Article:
Thursday, December 13, 2012

On Gifting

Why give gifts we can't afford to people we don't like?

Another view of Holiday Gifting

“Have you done your shopping yet?,” an acquaintance asked.  I gasped, feeling the despair that descends upon me when I witness the scurry run-around that so many folks engage in during the Christmas season.  Giving is good, yes. Receiving  is good too.  
 Like the ancient native potlatch where tribal members tried to outdo each other in their givingness.  But have we moved too far from meaningful  giving?  Have we accepted the propaganda that the “Christmas shopping splurge” should somehow “save” the retail industry?  Have we lost our resistance?  Have we given in the fiction that it is socially necessary to buy lots of stuff (that we’d not buy otherwise) for people who we don’t particularly like, when we really can’t afford to do so?

The way to end the insanity is simply to end it.  End the pointless buying.

What are we celebrating, after all?  Santa Claus-who-brings-us-toys day?  The Winter Solstice?  The birth of the Sun?  The birth of the Son, Jesus?

Most American Christians say it is the latter.  So then why the gift splurge?  Some say this is because the three Magi brought gifts to the promised One.  The Magi gave symbolic gifts, nothing that was in any way useful to an infant.  They did not exchange gifts among themselves. 

Nor was this Jesus born on December 25.  Recall, if you will, that animals and shepherds were in the fields, and it was the time of a census that required much travelling.  It was definitely not in the dead of winter, as all historians agree.

Let’s get out our encyclopedias and learn  that the “birth of the Sun” celebrations were pre-Christian.  These so-called “pagan” traditions were part of the holy days of Mithraism and other pre-Christian religions.  Exchanging gifts was part of that tradition.

In the early days of the new cult of Christianity that arose from Judaism, there was the desire to “hide” the new Christian commemoration of the birth of Jesus when others were also celebrating the birth of the Sun.  Some credit the Roman Emperor Aurelian with this clever idea.  Eventually, when Christianity was the official religion of the empire in the 4th century, no such hiding was necessary as nearly all the pagan holidays became Christianized.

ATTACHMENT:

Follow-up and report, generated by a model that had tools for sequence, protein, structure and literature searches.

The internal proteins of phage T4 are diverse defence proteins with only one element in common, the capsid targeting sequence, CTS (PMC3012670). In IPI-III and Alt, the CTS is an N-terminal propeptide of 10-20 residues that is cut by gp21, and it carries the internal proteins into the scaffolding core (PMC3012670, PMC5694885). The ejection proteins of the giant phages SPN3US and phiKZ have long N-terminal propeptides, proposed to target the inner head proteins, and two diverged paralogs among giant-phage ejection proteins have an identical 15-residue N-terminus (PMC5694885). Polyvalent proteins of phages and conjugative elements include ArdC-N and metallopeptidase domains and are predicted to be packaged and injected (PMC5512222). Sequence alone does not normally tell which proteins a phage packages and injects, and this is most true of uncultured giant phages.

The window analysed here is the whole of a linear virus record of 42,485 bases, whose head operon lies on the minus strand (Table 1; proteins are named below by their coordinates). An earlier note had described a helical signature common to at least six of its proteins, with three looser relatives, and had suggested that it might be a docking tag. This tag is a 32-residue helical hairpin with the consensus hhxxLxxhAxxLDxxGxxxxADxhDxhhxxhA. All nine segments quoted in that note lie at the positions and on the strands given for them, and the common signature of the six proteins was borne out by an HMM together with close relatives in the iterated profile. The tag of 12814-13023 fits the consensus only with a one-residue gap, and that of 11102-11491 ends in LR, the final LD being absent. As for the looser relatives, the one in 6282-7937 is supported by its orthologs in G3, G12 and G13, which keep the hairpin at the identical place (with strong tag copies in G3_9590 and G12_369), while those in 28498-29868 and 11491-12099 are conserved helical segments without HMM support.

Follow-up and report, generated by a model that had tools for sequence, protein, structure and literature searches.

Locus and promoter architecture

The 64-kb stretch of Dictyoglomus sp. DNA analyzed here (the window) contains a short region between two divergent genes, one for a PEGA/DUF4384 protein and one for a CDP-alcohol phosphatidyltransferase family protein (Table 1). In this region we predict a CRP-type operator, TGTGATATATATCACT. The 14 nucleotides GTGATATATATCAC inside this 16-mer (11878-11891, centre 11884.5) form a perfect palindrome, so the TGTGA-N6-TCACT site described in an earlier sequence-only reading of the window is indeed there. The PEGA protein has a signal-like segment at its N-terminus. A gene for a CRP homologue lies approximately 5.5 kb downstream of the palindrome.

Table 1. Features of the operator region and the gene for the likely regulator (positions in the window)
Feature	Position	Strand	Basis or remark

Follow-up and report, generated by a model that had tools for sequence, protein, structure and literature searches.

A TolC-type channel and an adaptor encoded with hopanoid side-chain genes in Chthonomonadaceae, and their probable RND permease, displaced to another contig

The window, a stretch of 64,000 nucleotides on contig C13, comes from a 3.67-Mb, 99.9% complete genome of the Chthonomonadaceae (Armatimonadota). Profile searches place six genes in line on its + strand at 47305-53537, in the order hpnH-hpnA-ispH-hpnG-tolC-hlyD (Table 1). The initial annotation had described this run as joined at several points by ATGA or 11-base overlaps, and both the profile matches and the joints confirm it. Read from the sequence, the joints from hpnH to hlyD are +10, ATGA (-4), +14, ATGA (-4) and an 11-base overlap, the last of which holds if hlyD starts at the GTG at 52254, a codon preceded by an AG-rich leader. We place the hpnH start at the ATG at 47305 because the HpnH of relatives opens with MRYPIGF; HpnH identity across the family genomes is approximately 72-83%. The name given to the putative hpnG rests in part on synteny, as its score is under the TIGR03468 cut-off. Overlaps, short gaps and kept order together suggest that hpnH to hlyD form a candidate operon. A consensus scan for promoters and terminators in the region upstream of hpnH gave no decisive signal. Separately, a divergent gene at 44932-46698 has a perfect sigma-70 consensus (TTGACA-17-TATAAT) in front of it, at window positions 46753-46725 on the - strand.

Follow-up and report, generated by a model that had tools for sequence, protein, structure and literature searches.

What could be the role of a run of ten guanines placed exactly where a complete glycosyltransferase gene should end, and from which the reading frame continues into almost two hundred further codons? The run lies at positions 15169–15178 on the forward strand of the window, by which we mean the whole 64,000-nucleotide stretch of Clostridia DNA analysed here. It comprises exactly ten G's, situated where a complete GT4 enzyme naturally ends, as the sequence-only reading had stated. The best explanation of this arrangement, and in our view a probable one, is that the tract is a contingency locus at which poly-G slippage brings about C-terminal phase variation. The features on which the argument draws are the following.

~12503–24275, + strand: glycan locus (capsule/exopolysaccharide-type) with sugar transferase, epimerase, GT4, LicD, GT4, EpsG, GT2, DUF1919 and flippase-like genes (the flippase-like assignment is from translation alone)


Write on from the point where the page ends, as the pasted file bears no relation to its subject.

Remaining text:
Still, our pointless profligate buying and giving is a relatively modern invention of the advertising industry.  Gone are the days of making something to give to another – a cake, cookies, a wooden bowl, a pipe, a toy, a hand-written card.  Gone are the days of personally handing a thoughtfully-made or acquired object to a person, as both parties exchange the gift of their time, and Selves, to one another, as they examine the physical object.  Or is such a day gone?

It is only by our choice to be a lemming that we continue the mindless buy and gift command from our marketing masters.

I’m not particularly concerned that most of the modern Christmas symbols can be traced back to the pre-Christian days – the wreath, the tree, the yule log, December 25, the birth of a saviour at the time of least light, the cards, and yes, gifting.  What matters most is the level of thinking and thoughtfulness that we inject into our observation of what should be a High Holy Day.  “Buying stuff” is anathema to this day.  We don’t have to choose to be a part of the cattle drive at the local mall.  Rather, choose something else.

Plan to be with close friends.  Plan thoughtful songs to sing.  Plan special movies to watch – I never get tired of “It’s a Wonderful Life.”  Plan thoughtful readings about the meaning of the day.  And if you choose to give gifts, avoid the animalistic urge to wildly rip through the packagings of gift after gift.  Make each one special.  Tell the person why they were given the gift. Let them open it and examine it. Discuss how the gift will enhance their life.

I remember a scene in the book “Less Than Zero.”  It’s Christmas time and the author is at home when his father visits. The father is divorced from his mother, so he visits on holidays.  As he sits there on Christmas, he pulls out his checkbook and writes a check to his son.  The author – the son – lamented that his father didn’t take the time to at least write the check ahead of time, put it in an envelope, and include a note.  It was just done rather casual.  It was a classic “less than zero” moment.

In this time of least light, when the sun is about to start on the path to more light and longer days, when so many of us are scrambling at the malls for “good buys,” we can choose to eschew “less than zero,” and choose instead the Light.

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